Oil prices dip on Friday, up slightly for the week




Oil prices settled lower on Friday but rose slightly for the week due to a weaker dollar and an improved 2024 demand outlook after weeks of losses.

US West Texas Intermediate crude futures for January fell by 15 cents, or 0.21%, settling at $71.43 per barrel. Brent for February dropped by 6 cents, or 0.08%, to settle at $76.55.

Both crude types posted weekly gains of less than 1%, which were not very convincing and were primarily driven by Thursday's rally fueled by a weaker dollar and the International Energy Agency's upward revision of its 2024 demand growth forecast. This marks the first positive turn for crude prices following seven weeks of losses.

Although another weekly decline occurred in US stocks, it was limited to petrochemicals, specifically propane and propylene inventories, while crude oil and gasoline remained stable and closely monitored.

On Friday, it was reported that the number of oil rigs operating in the US had decreased by two in the previous week. The oil rig count dropped to 501 from 503, while the gas rig count remained unchanged at 119, according to Baker Hughes. Additionally, miscellaneous rigs decreased by one to three. A year earlier, the US had 620 oil rigs, 154 gas rigs, and two miscellaneous rigs in operation. Overall, there were 623 rigs operating in the US this week, down from 776 a year earlier.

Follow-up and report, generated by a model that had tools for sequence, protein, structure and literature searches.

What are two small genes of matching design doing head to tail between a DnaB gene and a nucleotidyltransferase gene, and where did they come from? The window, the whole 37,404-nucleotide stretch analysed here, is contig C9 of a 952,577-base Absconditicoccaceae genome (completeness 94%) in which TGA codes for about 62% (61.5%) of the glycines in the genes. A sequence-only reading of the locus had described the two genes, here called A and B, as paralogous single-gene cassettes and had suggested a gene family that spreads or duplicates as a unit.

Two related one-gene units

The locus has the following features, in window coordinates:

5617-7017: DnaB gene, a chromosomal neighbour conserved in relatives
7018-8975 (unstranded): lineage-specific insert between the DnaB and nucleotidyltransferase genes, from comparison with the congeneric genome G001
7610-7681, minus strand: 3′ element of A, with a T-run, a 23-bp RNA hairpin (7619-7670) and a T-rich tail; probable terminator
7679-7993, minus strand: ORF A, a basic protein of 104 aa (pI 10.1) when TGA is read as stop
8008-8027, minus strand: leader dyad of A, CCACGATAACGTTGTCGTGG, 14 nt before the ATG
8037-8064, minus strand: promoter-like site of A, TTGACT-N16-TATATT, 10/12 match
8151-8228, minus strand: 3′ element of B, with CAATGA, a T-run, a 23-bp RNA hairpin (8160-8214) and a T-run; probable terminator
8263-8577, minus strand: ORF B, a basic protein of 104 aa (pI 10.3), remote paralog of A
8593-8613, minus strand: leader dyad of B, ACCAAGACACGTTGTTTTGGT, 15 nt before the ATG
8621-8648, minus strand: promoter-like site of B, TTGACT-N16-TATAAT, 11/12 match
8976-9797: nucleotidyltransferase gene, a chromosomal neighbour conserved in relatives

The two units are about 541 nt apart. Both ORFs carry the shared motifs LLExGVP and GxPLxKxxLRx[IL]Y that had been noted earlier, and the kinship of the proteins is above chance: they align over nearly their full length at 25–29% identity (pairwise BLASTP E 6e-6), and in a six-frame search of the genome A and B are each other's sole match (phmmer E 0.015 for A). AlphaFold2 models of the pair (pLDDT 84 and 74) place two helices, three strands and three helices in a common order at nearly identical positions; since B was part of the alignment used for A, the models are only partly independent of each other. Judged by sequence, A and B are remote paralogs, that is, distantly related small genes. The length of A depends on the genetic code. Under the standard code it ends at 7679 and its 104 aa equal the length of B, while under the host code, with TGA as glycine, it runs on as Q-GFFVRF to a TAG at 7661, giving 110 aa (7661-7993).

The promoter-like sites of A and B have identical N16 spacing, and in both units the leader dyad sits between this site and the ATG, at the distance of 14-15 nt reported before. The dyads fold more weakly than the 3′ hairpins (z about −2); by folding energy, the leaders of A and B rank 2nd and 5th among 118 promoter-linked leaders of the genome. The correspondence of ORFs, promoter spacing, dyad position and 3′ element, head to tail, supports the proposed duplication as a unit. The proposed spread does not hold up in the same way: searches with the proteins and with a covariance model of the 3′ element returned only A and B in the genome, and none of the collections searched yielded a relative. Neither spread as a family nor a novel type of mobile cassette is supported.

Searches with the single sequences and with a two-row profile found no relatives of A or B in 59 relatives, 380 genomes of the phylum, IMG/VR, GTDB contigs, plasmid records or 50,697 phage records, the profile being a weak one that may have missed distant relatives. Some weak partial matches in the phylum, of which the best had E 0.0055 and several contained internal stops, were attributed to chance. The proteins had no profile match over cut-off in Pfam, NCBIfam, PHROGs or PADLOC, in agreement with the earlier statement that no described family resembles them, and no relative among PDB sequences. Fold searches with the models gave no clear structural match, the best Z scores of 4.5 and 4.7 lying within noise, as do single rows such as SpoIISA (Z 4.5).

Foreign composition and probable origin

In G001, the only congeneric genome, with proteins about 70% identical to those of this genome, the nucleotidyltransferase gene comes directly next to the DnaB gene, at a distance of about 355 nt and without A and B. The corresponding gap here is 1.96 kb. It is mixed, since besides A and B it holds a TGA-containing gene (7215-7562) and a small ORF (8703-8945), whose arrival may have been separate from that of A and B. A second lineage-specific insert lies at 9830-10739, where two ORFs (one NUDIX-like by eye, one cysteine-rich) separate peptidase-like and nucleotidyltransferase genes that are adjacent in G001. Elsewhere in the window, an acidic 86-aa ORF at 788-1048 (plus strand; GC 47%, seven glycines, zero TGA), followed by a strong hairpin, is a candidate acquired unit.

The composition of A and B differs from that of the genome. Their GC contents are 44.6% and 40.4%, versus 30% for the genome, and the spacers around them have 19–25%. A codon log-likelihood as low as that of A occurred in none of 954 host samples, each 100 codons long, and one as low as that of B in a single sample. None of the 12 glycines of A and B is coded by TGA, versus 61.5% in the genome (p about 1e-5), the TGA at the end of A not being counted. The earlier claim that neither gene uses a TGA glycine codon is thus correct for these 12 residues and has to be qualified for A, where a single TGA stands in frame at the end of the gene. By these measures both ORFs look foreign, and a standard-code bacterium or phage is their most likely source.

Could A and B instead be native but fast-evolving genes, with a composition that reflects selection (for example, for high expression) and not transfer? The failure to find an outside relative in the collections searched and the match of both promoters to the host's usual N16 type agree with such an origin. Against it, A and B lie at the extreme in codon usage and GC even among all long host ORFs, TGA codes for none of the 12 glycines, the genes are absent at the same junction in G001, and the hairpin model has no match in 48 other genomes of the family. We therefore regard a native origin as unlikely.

Meanwhile, the International Energy Agency stated on Thursday that global demand for oil continues to slow, following OPEC's decision to leave its oil consumption forecasts unchanged.

On Wednesday, US government data revealed that commercial crude stockpiles in the US had declined more than expected the previous week, primarily due to the decrease in propane and propylene inventories. Total stocks stood at 440.773 million barrels, down from the previous week's 445.031 million but still well above the 424.129 million barrels reported at the same time in late 2022.


Name Glenn Dyer

Glenn Dyer has been a finance journalist and TV producer for more than 40 years. He has worked at Maxwell Newton Publications, Queensland Newspapers, AAP, The Australian Financial Review, The Nine Network and Crikey.